The new NCAA eligibility rules will make it easier for players to determine what their chances of being drafted are. This was achieved by pushing back the deadline for a student to remove his name from the draft. This will give players more time to decide whether to stay with their schools for another season or keep their names in the draft, which would cancel their eligibility to play college basketball the following season but would give them the chance to play in the NBA.

Draft-eligible players are invited by the NBA to the combine to test their skills against their peers and display their talents to NBA scouts.

Cody McDavis, a member of the Division I Men's Basketball Oversight Committee, explained in an NCAA press release on the change that the deadline pushback will prove beneficial to amateur basketball players who hope to make the leap to the professional level, but are unsure about their chances.

"[The rule allows] student-athletes to realize their dreams without punishing them for having such dreams" he said. "Almost every men's basketball student-athlete has dreamt of playing in the NBA. This proposal allows them to attempt to make those dreams a reality without taking away their ability to come back and play in amateur collegiate sport if they happen to be unsuccessful."

The new rule will push the deadline for removing one's name from the draft to ten days after the combine. This gives students the chance to participate in the event and come away from it with a much better understanding of their prospects for being drafted. Students will also be able to enter the draft and combine multiple times without affecting their eligibility, which means that if one year a player decides he wants to stay for another season and removes his name from the draft, he can reenter again later on.

College practices leading up to the combine allowed by NCAA

The NCAA also adjusted rules pertaining to practice. Students invited to the combine will be allowed to work out with their college coaches from the time of invitation until the decision to withdraw from the draft. These offseason workouts will be subject to the same rules as in-season practices. The time limit will be four hours per day for up to 20 hours weekly. The new practice rules will ensure students can receive top-flight training leading up to the combine without leaving their classes. In a win-win rule change for the players, it will provide academic continuity as well as assurance that they are in the best shape possible leading up to the combine.

If you have questions about NBA draft eligibly or other NCAA rules speak with an experienced sports law attorney.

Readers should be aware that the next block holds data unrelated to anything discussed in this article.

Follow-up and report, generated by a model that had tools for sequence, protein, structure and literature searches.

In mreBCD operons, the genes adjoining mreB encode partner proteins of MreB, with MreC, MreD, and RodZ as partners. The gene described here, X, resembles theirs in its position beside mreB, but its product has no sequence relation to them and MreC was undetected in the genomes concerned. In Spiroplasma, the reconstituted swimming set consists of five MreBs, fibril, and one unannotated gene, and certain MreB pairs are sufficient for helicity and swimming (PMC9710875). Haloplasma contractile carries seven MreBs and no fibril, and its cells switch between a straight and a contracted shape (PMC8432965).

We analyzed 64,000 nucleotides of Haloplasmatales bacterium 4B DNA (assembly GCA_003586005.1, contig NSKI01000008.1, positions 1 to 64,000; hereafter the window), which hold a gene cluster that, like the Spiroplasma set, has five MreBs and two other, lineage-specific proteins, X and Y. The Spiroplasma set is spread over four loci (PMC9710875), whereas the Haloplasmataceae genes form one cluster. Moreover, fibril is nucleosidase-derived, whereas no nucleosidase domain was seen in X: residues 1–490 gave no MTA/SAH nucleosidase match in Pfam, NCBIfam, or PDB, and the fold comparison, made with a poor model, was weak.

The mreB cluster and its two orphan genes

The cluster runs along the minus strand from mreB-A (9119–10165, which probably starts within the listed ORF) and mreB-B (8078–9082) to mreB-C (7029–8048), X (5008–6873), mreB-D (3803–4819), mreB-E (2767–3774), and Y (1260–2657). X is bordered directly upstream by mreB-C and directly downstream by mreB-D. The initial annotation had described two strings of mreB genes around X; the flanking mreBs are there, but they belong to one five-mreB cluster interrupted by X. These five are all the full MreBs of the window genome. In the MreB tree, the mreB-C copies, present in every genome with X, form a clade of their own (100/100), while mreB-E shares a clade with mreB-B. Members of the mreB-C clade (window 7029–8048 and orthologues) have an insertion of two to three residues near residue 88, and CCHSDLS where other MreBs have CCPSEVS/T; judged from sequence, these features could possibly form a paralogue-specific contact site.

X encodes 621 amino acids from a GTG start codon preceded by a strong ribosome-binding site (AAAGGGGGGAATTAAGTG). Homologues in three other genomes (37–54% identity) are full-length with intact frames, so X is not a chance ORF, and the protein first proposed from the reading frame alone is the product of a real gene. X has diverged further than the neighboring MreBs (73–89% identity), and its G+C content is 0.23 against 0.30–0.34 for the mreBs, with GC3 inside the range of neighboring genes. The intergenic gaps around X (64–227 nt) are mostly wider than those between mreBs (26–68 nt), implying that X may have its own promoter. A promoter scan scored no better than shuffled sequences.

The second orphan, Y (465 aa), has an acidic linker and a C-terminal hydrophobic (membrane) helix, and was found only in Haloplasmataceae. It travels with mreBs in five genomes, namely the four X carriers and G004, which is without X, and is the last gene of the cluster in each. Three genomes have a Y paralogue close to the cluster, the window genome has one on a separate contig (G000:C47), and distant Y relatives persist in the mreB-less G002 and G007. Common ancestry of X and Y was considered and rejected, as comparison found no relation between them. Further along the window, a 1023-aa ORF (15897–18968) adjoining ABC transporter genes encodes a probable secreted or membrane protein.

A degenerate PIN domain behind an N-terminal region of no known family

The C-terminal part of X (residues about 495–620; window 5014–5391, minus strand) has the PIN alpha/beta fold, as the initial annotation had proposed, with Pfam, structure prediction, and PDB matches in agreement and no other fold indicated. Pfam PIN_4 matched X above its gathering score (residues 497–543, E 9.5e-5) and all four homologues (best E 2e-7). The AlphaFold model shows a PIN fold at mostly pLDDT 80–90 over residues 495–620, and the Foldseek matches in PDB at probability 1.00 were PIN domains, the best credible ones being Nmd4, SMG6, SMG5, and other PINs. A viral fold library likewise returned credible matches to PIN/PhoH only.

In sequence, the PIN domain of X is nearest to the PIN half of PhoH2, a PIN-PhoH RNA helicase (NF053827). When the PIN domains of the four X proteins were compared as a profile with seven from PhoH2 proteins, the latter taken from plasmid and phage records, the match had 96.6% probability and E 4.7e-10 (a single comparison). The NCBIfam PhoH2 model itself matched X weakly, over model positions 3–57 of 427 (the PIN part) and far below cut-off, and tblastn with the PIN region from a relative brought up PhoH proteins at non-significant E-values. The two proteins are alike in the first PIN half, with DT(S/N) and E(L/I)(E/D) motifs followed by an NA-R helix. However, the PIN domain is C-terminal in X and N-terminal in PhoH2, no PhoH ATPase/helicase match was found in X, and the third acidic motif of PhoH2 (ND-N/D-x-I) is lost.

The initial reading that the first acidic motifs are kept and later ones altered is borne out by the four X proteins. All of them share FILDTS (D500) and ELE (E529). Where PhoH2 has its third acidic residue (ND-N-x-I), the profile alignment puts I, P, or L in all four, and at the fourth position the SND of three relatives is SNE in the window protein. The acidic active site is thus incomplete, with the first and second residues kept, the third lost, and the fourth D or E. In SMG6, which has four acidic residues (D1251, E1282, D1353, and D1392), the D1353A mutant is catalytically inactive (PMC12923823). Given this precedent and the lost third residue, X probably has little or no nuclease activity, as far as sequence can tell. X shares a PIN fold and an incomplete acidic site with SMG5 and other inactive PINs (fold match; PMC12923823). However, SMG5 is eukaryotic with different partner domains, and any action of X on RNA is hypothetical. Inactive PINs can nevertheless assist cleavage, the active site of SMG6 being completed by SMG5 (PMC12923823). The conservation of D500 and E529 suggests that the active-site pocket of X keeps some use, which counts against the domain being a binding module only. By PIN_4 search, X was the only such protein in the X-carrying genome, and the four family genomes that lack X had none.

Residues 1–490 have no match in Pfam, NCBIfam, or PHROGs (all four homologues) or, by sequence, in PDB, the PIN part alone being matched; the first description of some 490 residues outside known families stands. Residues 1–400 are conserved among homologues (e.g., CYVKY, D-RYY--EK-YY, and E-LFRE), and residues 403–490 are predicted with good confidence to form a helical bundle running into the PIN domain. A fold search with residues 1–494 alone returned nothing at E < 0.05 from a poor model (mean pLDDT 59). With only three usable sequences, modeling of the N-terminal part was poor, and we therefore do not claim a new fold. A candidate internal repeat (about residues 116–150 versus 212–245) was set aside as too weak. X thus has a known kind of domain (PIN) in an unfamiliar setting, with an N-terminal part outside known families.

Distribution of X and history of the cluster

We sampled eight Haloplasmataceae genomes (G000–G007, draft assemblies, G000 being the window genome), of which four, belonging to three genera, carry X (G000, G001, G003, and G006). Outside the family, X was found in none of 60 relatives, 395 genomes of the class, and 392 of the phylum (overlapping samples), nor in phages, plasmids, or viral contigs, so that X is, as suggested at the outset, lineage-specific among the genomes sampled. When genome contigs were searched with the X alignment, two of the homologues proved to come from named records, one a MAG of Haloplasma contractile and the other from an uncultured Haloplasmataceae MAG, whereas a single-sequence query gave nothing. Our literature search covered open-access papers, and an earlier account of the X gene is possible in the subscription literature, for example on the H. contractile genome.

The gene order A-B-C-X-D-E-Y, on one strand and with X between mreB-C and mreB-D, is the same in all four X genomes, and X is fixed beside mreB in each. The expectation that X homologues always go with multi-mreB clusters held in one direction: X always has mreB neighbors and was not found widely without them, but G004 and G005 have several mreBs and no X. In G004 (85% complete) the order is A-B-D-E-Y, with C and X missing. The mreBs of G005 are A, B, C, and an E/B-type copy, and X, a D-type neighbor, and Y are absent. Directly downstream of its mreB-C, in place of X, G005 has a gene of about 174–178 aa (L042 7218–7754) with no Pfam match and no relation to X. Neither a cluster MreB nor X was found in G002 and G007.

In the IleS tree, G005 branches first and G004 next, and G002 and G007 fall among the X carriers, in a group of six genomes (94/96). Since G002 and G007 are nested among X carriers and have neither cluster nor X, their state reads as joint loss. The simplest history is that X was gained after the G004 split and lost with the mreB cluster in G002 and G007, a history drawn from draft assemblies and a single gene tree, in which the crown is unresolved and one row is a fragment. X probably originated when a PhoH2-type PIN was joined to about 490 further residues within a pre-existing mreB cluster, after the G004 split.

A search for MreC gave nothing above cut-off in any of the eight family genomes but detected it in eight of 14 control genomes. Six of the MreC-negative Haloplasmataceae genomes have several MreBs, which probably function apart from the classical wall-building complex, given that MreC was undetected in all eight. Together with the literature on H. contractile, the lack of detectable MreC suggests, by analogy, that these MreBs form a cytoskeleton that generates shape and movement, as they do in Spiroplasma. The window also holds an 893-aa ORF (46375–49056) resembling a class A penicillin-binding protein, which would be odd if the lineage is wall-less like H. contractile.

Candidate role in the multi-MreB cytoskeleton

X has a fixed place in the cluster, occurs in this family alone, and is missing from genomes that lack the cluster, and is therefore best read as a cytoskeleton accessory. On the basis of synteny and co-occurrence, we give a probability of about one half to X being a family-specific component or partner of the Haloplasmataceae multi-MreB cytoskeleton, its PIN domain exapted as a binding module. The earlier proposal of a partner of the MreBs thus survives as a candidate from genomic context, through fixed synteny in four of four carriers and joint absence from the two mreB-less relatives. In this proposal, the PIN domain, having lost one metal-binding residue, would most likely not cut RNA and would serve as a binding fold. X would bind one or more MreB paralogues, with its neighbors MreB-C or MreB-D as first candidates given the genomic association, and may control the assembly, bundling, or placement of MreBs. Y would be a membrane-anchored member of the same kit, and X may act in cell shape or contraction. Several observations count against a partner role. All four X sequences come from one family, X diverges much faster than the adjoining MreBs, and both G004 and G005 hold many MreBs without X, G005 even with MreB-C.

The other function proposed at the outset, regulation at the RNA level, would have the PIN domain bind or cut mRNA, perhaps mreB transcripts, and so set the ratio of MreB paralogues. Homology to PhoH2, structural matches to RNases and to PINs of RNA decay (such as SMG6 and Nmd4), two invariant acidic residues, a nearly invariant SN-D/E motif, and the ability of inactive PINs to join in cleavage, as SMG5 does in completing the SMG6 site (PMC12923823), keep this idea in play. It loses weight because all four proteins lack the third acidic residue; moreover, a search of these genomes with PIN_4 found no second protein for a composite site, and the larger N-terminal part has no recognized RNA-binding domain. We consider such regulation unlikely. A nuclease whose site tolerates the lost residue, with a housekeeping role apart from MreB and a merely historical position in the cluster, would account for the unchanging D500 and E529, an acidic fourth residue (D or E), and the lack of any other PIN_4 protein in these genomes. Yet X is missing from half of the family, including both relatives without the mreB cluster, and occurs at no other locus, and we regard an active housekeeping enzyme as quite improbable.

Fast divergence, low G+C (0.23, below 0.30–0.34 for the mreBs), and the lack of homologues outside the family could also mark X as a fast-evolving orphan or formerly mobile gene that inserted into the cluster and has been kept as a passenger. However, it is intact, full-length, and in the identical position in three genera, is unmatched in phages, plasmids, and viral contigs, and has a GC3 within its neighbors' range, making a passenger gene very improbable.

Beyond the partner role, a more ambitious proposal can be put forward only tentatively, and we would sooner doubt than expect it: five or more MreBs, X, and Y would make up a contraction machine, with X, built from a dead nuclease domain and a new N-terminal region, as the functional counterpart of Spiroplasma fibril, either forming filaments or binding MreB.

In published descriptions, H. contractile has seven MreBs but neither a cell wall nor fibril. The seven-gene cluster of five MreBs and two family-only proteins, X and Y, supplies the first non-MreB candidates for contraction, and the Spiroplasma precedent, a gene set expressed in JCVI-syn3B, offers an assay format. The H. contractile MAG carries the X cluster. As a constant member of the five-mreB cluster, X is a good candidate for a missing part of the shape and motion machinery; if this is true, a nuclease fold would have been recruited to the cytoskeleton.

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Meeting with Sports Agents & Timing a Draft Declaration
Posted on Wednesday January 27, 2016

meeting with sports agentsmeeting with sports agentsWhen should you begin meeting with sports agents?

The college football regular season is entering its final stages, and with the end of the season so close, some players may be thinking about the next NFL draft.

When is it OK to declare for the draft?

Once the CFB season ends, players can begin speaking with agents and putting together their strategies before the Jan. 15, 2016, deadline for declaring for the next draft. Players should be careful though - if they begin speaking with an agent too soon, or try to declare before they are eligible, they can run into problems with the National Collegiate Athletic Association and its many rules. It is important, for example, to ensure eligibility before declaring for the draft and taking the next step to the NFL.

Players cannot declare for the NFL draft out of high school, or even after their first years in college. They have to play for their schools for a set amount of time before they are allowed to declare for the draft. Eligible players have been out of high school for at least three years, and have reached the limit for number of college football seasons allowed. However, under certain circumstance players who have not used up all of their college eligibility may be allowed to declare for the draft early, if they receive permission from the league. Players who are draft-eligible, or who have declared early, work with the league's player personnel staff to ensure they are, in fact, allowed to enter the draft under NCAA and league rules.

The time to speak with an agent

Between now and Jan. 15, numerous college football players will both declare for the draft and begin speaking with agents. The latter task, choosing an agent, must also be approached thoughtfully. Players are allowed to speak with an agent as long as the player does not discuss hiring or other matters relating to agent representation. Introductions and informational discussions are permitted. However, such communication could prove fruitless if it is determined the individual is breaking the rules.